3 models for more effective early grades testing

How to determine whether increased investments in early learning are paying off
By: | March 2, 2021

An “misaligned web of early learning assessments” makes it hard for educators and policymakers to determine how much students are learning during preschool through grade 2, a new study finds.

This increases the difficulty of determining whether increased investments in early learning are paying off, according to the “Tough Test” report from the FutureEd think tank at Georgetown University.

“The absence of high-quality, systemwide data makes it hard to target resources effectively, ensure disadvantaged students are getting the early support they need, and improve programs and teaching quality,” the report says. “A lack of sound measures risks squandering resources—and leaving our aspirations for young children unfulfilled.

“Tough Test” encourages educators and policymakers to develop more reliable preschool assessments as districts emerge from the COVID pandemic.

The FutureEd report highlights three pre-K assessment models:

Measuring key areas of development

The Ready for Kindergarten: Early Childhood Comprehensive Assessment System, or RforK, measures the skills of preschool students and kindergartener across multiple domains of development, including:

  • Social-emotional development
  • Language and literacy
  • Math
  • Physical well-being and motor development.

The preschool component of the assessment is conducted through child-observation by teachers who gauge student progress multiple during the year. The keep notes about a child’s child’s behaviors and interactions, and can upload videos and images on an app to measure progress against learning benchmarks.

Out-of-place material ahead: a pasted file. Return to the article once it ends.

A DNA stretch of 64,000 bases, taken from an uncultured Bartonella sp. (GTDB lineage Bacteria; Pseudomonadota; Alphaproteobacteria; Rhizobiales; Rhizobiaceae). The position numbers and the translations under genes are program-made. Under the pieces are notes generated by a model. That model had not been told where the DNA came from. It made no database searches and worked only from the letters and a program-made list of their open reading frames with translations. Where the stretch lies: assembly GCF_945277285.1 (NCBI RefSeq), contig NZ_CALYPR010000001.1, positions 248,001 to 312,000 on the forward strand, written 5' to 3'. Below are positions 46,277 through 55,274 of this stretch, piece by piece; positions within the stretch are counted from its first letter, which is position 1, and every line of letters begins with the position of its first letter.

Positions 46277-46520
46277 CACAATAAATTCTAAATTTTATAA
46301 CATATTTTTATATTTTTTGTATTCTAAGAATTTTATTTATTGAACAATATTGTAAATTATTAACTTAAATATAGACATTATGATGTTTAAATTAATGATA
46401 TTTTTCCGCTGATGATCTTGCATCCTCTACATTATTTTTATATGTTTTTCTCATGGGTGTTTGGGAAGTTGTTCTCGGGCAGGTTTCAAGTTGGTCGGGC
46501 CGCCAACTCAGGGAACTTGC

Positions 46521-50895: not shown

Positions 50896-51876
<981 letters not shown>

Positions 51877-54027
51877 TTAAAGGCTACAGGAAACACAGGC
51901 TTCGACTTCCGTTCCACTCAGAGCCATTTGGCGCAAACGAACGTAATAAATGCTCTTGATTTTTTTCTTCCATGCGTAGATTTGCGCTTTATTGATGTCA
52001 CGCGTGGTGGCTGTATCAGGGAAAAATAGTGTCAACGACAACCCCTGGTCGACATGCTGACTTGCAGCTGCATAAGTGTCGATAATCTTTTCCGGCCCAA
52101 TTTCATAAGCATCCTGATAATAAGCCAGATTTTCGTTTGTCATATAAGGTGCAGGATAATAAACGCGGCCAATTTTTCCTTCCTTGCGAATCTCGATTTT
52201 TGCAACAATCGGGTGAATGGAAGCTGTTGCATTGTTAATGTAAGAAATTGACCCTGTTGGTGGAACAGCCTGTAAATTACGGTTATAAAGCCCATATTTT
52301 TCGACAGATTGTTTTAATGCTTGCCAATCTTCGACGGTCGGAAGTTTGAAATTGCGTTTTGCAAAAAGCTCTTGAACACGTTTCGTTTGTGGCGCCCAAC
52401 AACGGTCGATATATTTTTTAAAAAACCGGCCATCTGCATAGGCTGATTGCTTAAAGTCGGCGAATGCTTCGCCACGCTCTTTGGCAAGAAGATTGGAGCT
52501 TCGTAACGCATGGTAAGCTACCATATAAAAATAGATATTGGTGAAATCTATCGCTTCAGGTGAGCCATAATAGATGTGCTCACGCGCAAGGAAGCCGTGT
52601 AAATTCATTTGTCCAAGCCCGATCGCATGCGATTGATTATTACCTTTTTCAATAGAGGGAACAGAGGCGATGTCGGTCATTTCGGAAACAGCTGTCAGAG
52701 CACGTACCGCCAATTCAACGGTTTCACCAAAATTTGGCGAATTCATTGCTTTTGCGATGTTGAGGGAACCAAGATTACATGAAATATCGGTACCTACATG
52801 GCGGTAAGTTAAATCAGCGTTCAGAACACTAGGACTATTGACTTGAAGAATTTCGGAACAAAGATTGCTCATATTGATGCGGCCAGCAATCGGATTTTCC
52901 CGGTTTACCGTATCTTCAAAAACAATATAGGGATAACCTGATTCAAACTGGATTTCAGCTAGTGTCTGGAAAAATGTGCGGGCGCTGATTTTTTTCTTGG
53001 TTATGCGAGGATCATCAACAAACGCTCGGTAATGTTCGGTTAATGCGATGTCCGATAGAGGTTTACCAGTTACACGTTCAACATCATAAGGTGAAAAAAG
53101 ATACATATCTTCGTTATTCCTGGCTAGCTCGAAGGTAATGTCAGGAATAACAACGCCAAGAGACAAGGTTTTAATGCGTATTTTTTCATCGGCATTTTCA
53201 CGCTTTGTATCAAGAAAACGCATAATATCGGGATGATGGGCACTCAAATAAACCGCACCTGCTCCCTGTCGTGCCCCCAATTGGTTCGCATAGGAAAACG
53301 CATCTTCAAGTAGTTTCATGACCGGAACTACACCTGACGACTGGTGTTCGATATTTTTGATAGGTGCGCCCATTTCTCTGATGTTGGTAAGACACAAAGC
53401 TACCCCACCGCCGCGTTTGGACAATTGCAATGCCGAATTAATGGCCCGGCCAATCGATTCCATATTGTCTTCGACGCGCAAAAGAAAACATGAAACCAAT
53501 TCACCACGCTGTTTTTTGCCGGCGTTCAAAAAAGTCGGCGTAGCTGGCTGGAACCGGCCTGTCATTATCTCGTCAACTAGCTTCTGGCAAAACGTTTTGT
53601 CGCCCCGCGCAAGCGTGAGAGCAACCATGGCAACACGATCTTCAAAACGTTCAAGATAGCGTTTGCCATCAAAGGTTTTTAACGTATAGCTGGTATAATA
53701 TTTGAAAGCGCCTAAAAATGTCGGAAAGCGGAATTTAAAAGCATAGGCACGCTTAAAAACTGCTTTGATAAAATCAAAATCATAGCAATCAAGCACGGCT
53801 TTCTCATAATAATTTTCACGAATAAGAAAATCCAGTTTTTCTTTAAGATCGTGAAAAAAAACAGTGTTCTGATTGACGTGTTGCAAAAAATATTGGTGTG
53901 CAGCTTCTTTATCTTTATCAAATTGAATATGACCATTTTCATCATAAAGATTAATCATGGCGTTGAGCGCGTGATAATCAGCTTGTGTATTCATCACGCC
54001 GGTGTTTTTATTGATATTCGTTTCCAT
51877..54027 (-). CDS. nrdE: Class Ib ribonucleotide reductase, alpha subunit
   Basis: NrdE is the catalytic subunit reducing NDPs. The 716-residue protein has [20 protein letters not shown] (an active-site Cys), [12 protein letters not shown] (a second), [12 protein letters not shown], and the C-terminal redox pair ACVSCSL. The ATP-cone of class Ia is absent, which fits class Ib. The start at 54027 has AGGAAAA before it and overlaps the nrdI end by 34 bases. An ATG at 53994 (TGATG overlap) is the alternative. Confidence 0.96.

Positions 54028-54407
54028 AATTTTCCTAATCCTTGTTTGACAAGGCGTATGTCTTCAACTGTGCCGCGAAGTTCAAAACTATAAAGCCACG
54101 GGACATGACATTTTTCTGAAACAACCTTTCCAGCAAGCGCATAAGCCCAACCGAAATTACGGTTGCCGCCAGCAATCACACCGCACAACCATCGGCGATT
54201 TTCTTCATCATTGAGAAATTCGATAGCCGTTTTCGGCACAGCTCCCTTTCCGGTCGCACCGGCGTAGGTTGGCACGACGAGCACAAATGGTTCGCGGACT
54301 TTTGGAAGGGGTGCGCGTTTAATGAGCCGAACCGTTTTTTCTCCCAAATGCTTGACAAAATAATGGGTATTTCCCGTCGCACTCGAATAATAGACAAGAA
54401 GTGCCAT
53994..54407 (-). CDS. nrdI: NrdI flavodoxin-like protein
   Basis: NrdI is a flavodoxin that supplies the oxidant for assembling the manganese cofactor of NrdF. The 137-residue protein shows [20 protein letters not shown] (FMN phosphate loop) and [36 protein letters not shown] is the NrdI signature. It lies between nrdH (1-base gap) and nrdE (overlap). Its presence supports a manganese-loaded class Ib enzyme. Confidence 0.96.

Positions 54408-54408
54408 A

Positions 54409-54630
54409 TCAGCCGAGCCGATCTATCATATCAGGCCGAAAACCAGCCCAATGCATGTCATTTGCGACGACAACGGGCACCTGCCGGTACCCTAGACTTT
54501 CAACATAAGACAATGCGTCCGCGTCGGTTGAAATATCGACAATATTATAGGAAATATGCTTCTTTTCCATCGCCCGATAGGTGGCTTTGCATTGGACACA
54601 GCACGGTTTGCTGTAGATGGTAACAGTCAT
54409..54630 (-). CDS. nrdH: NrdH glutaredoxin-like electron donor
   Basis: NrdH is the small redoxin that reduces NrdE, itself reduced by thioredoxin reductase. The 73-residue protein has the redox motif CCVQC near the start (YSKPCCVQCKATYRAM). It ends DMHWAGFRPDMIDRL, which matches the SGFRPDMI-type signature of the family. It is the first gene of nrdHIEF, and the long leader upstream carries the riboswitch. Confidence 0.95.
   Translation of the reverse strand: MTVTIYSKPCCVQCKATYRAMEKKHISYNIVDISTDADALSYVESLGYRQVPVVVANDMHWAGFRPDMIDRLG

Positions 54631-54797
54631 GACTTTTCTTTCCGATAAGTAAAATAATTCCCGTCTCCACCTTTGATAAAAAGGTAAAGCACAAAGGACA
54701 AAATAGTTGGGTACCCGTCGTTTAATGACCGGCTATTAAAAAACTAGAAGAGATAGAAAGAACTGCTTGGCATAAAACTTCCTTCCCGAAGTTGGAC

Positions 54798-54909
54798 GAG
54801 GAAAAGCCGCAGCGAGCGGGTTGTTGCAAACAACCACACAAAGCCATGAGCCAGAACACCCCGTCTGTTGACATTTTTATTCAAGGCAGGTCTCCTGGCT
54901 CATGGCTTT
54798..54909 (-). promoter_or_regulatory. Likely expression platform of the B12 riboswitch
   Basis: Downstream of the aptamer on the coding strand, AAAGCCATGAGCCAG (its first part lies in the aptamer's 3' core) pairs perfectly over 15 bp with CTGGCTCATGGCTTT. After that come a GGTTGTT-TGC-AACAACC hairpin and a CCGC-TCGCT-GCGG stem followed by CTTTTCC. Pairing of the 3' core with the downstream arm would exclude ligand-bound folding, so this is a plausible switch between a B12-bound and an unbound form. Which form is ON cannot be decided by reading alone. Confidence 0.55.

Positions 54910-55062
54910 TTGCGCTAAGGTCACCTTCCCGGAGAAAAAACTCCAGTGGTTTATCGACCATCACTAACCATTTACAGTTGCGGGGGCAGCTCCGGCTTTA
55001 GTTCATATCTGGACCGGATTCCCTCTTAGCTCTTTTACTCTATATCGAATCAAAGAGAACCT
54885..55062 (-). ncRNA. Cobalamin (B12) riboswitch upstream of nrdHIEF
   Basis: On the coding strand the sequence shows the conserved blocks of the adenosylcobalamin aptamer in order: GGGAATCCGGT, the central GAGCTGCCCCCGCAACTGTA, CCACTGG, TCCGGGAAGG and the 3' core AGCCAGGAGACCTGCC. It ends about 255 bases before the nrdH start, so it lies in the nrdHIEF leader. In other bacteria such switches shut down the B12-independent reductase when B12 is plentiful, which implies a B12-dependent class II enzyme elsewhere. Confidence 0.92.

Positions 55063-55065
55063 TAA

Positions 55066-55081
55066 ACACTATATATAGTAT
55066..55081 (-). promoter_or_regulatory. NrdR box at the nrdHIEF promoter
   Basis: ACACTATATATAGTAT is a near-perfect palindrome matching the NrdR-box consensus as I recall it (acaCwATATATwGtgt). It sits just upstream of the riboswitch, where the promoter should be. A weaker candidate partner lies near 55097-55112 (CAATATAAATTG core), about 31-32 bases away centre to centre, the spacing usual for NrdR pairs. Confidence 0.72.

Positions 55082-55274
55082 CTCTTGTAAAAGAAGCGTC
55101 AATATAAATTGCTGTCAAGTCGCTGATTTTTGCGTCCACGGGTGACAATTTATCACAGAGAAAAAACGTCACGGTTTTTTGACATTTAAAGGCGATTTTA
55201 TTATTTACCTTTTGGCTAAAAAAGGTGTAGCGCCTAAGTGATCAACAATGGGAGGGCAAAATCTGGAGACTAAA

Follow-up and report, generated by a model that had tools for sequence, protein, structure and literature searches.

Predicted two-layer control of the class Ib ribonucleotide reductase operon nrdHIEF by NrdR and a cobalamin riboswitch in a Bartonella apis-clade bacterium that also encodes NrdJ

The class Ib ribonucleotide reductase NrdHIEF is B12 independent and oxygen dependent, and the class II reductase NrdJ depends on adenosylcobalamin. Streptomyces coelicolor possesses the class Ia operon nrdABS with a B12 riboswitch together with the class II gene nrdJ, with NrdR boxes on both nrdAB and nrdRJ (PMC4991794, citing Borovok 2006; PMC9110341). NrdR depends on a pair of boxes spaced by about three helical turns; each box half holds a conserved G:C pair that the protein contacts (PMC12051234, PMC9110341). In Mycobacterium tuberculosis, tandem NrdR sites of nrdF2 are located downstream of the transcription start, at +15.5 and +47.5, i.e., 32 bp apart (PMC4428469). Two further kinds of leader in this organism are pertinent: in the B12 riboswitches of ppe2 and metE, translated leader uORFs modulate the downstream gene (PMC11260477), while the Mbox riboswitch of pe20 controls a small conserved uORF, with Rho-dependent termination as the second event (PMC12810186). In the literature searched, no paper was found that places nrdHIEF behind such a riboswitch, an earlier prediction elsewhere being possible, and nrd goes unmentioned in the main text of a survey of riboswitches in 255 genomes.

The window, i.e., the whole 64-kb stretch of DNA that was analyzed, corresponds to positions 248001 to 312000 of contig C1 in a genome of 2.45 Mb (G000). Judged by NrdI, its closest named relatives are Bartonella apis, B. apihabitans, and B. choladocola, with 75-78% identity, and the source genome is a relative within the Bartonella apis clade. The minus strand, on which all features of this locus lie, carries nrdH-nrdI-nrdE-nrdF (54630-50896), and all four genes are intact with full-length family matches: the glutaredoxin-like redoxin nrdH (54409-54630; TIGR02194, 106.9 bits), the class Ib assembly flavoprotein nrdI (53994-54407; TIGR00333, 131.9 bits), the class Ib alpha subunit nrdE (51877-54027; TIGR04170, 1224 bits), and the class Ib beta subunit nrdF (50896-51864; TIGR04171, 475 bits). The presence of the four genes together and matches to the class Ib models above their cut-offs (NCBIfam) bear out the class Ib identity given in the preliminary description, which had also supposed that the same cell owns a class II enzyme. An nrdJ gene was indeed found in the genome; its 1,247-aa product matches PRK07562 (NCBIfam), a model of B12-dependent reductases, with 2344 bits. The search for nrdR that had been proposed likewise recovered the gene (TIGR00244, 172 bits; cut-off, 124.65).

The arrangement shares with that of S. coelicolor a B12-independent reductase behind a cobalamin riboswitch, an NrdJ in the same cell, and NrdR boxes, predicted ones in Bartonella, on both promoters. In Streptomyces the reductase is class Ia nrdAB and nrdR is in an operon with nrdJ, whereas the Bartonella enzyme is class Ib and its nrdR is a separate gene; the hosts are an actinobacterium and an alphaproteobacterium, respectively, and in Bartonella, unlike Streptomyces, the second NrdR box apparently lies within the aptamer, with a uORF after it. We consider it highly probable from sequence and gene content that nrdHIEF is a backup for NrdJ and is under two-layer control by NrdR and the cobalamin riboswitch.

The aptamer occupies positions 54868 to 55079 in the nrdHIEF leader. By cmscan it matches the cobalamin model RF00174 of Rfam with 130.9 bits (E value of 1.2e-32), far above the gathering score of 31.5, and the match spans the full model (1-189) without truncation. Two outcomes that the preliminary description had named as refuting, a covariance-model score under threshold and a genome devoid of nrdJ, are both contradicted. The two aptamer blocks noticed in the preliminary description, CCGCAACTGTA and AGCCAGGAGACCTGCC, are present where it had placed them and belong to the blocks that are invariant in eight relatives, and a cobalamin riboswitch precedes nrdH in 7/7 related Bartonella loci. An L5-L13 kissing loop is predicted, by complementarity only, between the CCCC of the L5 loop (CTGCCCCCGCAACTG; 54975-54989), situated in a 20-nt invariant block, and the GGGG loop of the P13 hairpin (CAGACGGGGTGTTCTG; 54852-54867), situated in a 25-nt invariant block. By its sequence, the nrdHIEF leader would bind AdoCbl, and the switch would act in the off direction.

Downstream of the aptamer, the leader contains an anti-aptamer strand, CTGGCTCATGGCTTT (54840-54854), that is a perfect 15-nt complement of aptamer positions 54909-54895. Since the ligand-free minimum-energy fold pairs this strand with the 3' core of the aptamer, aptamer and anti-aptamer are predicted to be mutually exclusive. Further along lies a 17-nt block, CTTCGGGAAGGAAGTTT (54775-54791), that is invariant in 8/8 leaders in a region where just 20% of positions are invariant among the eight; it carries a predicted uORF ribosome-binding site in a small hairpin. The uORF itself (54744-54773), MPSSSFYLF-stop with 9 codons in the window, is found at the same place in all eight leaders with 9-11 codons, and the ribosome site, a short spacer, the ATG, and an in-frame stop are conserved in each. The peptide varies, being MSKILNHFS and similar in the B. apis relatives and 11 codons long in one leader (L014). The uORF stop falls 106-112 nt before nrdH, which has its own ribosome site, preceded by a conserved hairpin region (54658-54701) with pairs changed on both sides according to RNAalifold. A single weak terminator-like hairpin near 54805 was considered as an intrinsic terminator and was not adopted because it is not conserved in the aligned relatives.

The kindergarten test combines observations and direct testing.

Both assessments, which can accommodate students with disabilities and English language learners, were launched with Race to the Top-Early Learning Challenge grants in Maryland and Ohio in 2011, and have since expanded to Indiana, Michigan and South Carolina.

CLASS is Louisiana’s “North Star”

An observational tool focused exclusively on measuring the quality of teacher-child interactions is the driving force for improving pre-K learning in Louisiana, the report sayus.

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Under the Classroom Assessment Scoring System, or CLASS, the Louisiana Department of Education now requires at least two observations per year in every publicly funded preschool classroom, including childcare, Head Start, and school-based programs.

Low-scoring programs must develop and improvement plan, with state curriculum assistance and mental-health consultations for teachers.

The state also provides tax credits and bonus payments to programs with higher quality ratings.

Virginia’s Model Kindergarten Readiness Assessment

The Virginia Kindergarten Readiness Program, now being piloted in 35 school systems, places an equal emphasis on academic and social-emotional skills during spring and fall assessments administered by teachers.

The assessments use three measures: The Phonological Awareness Literacy Screening, Virginia’s  literacy assessment; the Early Mathematics Assessment System; and the Child Behavior Rating Scale.

Teachers conduct the math assessment, for instance, with a flip book and manipulatives. The game-like tasks allow teachers to observe students’ thinking, FutureEd says.

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